Published Monday, Sept. 28, 2009 | 6 a.m.
Updated Monday, Sept. 28, 2009 | 12:58 a.m.
Check out this story with accompanying photos at VegasDeLuxe.com.
Congratulations to Las Vegas bodybuilder Jay Cutler on his third victory as Mr. Olympia, the highest accolade in professional bodybuilding. Jay joins the ranks of only six men who have won Mr. Olympia three or more times, including Calif. Gov. Arnold Schwarzenegger, who took the title seven times, and Lee Haney, who won an unprecedented eight consecutive times.
Branch Warren placed second in the competition at The Orleans over the weekend, and last year’s Mr. Olympia, Dexter Jackson, finished third in a bit of a surprise. Last year’s third-place finisher, Phil Heath, placed fifth this year and was replaced by Kai Greene in the No. 3 position.
Click HERE for our Senior Editor John Katsilometes’ story on Jay ahead of the weekend contest, and click HERE or on Vegas DeLuxe’s Video Vault page for videographer Voja Radosavljevic’s amazing video of Jay in training.
Jay celebrated his win, his third in four years, with an after-party at Prive in Planet Hollywood, and the magnificent mountain of a muscleman stuck to Fiji water. Now that’s dedication!
When I last interviewed Jay, before the 2008 Mr. Olympia last year, my first reaction was just how large he was because I literally became lost in his larger-than-life shadow!
Robin Leach: Just how big are you?
Jay Cutler: I am 5’9” and I weigh about 280.
RL: As Mr. Olympia, can you give me your stats?
JC: My arms are 22 1/2, my thighs are 31 inches. Waist is 35; neck is about 20.
RL: When people start on this process of building their bodies, that is a growing process. Are you still growing? Will you get even bigger?
JC: I like to think so. It is the name of the game, Robin. This competition is the best in the world. You always get new guys and new breeds of people who are better athletes and bigger and stronger, so I am trying to keep up.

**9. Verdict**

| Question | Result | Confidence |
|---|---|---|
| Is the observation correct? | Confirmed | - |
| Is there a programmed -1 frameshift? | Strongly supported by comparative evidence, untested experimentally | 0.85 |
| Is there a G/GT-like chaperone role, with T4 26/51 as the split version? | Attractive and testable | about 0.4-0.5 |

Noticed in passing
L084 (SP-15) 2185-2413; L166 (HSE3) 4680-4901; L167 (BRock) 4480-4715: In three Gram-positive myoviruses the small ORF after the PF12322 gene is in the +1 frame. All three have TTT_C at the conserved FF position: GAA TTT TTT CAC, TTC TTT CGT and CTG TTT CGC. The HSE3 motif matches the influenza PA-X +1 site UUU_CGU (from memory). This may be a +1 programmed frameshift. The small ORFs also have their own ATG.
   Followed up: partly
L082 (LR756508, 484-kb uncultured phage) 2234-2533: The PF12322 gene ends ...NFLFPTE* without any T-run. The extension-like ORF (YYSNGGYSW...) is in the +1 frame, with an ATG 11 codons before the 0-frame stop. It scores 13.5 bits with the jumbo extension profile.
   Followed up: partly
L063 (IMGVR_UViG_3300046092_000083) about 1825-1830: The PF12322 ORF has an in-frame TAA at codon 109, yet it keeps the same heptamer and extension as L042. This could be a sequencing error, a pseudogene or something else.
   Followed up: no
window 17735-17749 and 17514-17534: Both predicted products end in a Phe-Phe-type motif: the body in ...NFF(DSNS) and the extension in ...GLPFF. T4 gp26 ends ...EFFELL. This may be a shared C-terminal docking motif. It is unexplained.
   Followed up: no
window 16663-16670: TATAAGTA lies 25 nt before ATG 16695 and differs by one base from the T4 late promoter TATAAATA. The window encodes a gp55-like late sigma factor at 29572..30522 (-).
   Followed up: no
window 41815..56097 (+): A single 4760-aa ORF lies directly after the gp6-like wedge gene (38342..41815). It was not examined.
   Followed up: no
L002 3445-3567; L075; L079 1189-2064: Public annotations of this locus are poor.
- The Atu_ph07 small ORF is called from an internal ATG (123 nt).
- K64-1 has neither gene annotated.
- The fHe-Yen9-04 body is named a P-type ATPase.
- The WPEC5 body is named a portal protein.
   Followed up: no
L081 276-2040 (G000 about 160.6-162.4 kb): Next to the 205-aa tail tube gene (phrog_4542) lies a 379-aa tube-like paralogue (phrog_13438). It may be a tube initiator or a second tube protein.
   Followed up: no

RL: So it is not just a case of maintaining what you have already, but it is a case of improvement?
JC: You have to improve because the competition is getting stiffer all the time.
RL: How do you get bigger? Is it a case of both eating and working out more?
JC: There are a lot of variables that come into bodybuilding. For me, as big as I am, size is easy for me. I was bigger as a teenager. I turned professional at 23, which is a very young age to do that, so for me, my regimen includes so many things. I moved to Vegas to further my career from the East Coast. I train in the best facilities. I am always trying different things, training more frequently, less frequently, Pilates, kettle bells, deep tissue massage a few times per week to open up and let the muscle grow further, new diet techniques. It is always about mealtime, too. It is getting in the calories right after you train, getting the best benefit from working out. Also, sleep is a huge part of what we do.
RL: How many hours do you sleep?
JC: I sleep at least eight at night, and then I try to nap at least one to two hours during the day.
RL: How many calories must you intake?
JC: Anywhere from 4,000 to 7,000 per day. Eating fish is a major part of that. I eat six pounds of fish per day. It is expensive, and I am single-handedly supporting Costco. I have an extra-large fridge filled with eggs and fish. I eat eggs, turkey breast and steak once a day, and I eat eight times a day right now, every two hours.
RL: How many hours a day of working out?
JC: Four hours of training. I love every moment of it, especially come this week when I win my third consecutive title.
RL: Jay, I don’t know these things, but if you didn’t keep this up, would the muscles collapse?
JC: They would shrink; the muscle is 70 percent water. So I drink three gallons of water a day -- that’s about 24 bottles of water, at least two cases a day! With all the calories, protein holds on to muscle, carbs give the muscle energy, and it builds glycogen, which gives the illusion of looking really muscular, really full. It would shrink down, but not to fat unless I ate pizza and burgers and 7,000 calories a day. I will tone down one day like Arnold Schwarzenegger did. He is still toned, but he lost a lot of his mass.
RL: Is there an age when you pack this in?
JC: I am 36. The body is best between 34 to 36, which Arnold never saw because he chose to go into the movies. He retired at 31. They say the body is fully matured at 35. I am coming to the end of my career; I am not fresh into it. I have been Mr. Olympia twice before -- the third time is really the icing on the cake.